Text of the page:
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Developing Critical Literacy Skills: Exploring Masculine and Feminine Stereotypes in Children's LiteratureAuthor(s): Dionne, A. (2010)
This summary was created by the What Works: Research into Practice program at the Ontario Ministry of Education
http://www.edu.gov.on.ca/eng/literacynumeracy/inspire/research/whatWorks.html

"Children’s literature is an ideal resource for helping children develop critical literacy skills because it encompasses tales, poetry, novels, comic strips, documentaries and activity books for a diverse range of learners. Further...books for children of all ages are infused with the cultural values of society and contribute to the transmission of ideologies from one generation to the next. Given that equality of the sexes is one of the foundations of our democractic society, it is important to support students in developing their critical literacy skills by considering the values and ideologies inherent in the representations of femininity and masculinity in books written for children. Children’s books mirror the values and images transmitted to children by adults. They act as vehicles for passing ideologies from generation to generation....By carefully examining collections of literature from various persepctives, researchers have been able to identify and describe the ideologies inherent in representations of gender."

This document has been viewed 1,688 times.
Factors related to non-suicidal self-injury (NSSI) among adolescents seeking mental health servicesAuthor(s): Stewart, S., Baiden, P. and Theall-Honey, L. (2014)
This summary was developed by Western’s Centre for School Mental Health. This and other research summaries can be found at www.edu.uwo.ca/csmh

This study examined the frequency of non-suicidal self-injury (NSSI) among adolescents with mental health needs and identified specific factors related to NSSI. Data on 2,013 adolescents were gathered from the Ontario Mental Health Reporting System using the Resident Assessment Instrument—Mental Health (RAI-MH). The researchers found increased NSSI in adolescents with mood or personality disorders, histories of abuse, substance use and intentional misuse of prescription medication, and higher rates of NSSI in females. The researchers highlighted the importance of novel findings in regards to intentional misuse of prescription medications in this population.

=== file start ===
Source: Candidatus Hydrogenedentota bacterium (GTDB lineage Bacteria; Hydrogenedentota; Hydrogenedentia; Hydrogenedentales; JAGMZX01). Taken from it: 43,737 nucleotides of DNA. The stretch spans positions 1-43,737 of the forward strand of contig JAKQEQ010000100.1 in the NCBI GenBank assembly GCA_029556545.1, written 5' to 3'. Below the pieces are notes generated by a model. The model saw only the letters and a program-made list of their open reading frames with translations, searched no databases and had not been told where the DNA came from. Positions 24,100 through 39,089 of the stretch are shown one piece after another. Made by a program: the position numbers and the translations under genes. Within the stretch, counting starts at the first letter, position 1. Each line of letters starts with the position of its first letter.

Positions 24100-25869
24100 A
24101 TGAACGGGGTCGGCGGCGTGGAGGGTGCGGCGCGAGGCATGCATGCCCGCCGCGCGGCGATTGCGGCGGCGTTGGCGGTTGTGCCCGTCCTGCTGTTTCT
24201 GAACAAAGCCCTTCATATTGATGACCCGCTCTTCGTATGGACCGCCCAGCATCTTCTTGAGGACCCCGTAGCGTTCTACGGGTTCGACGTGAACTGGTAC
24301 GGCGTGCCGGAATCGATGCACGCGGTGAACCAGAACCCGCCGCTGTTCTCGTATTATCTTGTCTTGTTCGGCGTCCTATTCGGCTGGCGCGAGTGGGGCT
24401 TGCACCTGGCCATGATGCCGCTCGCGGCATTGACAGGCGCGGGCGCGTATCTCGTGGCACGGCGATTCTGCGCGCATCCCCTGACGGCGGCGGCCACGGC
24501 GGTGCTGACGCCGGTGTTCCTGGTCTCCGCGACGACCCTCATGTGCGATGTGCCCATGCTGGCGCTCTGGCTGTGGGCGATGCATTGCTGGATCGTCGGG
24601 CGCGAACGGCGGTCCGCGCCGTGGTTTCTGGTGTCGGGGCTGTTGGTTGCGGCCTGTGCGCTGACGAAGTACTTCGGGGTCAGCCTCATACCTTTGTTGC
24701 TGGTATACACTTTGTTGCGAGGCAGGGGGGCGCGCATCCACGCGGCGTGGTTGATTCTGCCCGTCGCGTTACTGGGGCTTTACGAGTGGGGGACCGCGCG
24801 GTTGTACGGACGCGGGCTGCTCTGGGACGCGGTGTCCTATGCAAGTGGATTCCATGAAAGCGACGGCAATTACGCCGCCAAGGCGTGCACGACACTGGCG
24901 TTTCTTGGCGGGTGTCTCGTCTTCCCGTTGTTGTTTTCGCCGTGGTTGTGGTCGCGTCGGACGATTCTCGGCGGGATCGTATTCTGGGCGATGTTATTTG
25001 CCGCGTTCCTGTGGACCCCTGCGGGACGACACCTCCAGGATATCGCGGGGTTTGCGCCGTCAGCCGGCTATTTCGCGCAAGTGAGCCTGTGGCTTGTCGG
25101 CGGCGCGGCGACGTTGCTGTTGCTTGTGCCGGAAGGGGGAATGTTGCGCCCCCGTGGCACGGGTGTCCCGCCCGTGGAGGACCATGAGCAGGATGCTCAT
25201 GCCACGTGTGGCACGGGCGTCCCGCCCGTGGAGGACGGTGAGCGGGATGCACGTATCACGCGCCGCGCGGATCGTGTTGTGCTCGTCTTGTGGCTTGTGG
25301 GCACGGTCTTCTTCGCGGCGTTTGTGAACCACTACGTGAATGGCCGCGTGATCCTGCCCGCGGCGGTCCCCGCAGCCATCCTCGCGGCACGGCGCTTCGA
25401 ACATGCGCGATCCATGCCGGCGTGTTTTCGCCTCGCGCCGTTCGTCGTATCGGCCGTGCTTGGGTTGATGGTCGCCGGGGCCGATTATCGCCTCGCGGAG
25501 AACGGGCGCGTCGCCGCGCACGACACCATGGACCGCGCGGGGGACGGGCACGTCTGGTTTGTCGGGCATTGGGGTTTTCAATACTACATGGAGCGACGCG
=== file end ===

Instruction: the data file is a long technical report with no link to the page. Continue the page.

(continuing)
This document has been viewed 304 times.
Gender and Racial Advocacy Amongst Women AdministratorsAuthor(s): Wallace, J. (2007)
Drawing on data from two studies, the researcher explored equity policy development in Ontario and the cultural and racial advocacy practices of former female administrators in the province.

This document has been viewed 856 times.
Gender Stereotypes and Musical InstrumentsAuthor(s): Buttu, S. (2008)
This study investigated the perceptions of girls enrolled in a single-sex school about gender stereotypes in relation to musical instruments. The research study focused on whether stereotypes impact girls’ decisions to play a certain instrument and how girls from an all girl school describe their experiences of playing their instruments in their own school and in co-educational environments such as band camp.

This document has been viewed 901 times.
Is It Beneficial for Students with Disabilities to Participate in the IPRC Process?Author(s): Savaria, E. (2011)
This study investigated the extent to which young people with disabilities (in Ontario) participate in the process that results in their identification as an Exceptional student by an Individual Placement and Review Committee (IPRC), and how this participation impacts their self-concept.

This document has been viewed 1,014 times.
Islamic Schooling in OntarioAuthor(s): Zine, J. (2004)
Four full-time Islamic schools are the focus of this study on alternative schooling. The objectives of this research were: to identify the role and function of Islamic schooling in a diasporic context; to understand the role of Islamic education in the development of Islamic identity; to examine the Islamization of knowledge and pedagogy in Islamic schools.

This research study also focused on the knowledge production of Islamically-centred education, the teaching strategies and ways of socialization and discipline. These areas are examined to understand the religious and spiritual traditions of Islam in schools.

This document has been viewed 827 times.
Teacher intervention in situations of bullyingAuthor(s): Blain-Arcaro, C., Smith, D., Cunningham, C., Vaillancourt, T., Rimas, H.
The goal of this study was to determine what features of bullying situations influence teachers’ decision to intervene. To
accomplish this, the researchers used a forced-choice task that reveals the degree of importance teachers place on different features of
bullying situations in their decisions to intervene or not.

Resource about bullying: Promoting Relationships and Eliminating Violence Network Website: http://www.prevnet.ca/

This document has been viewed 876 times.
The Relationship Between Student Self-Efficacy and Ability in Reading and WritingAuthor(s): Corkett, J., Hatt, B., Benevides, T. (2011)
Bandura (1977) coined the term "self-efficacy", which can be understood as a person’s belief in his/her ability to do something. This research study explored the relationship between teacher and student self-efficacy and students’ actual ability in reading and writing as measured on a standardized test.

This document has been viewed 1,206 times.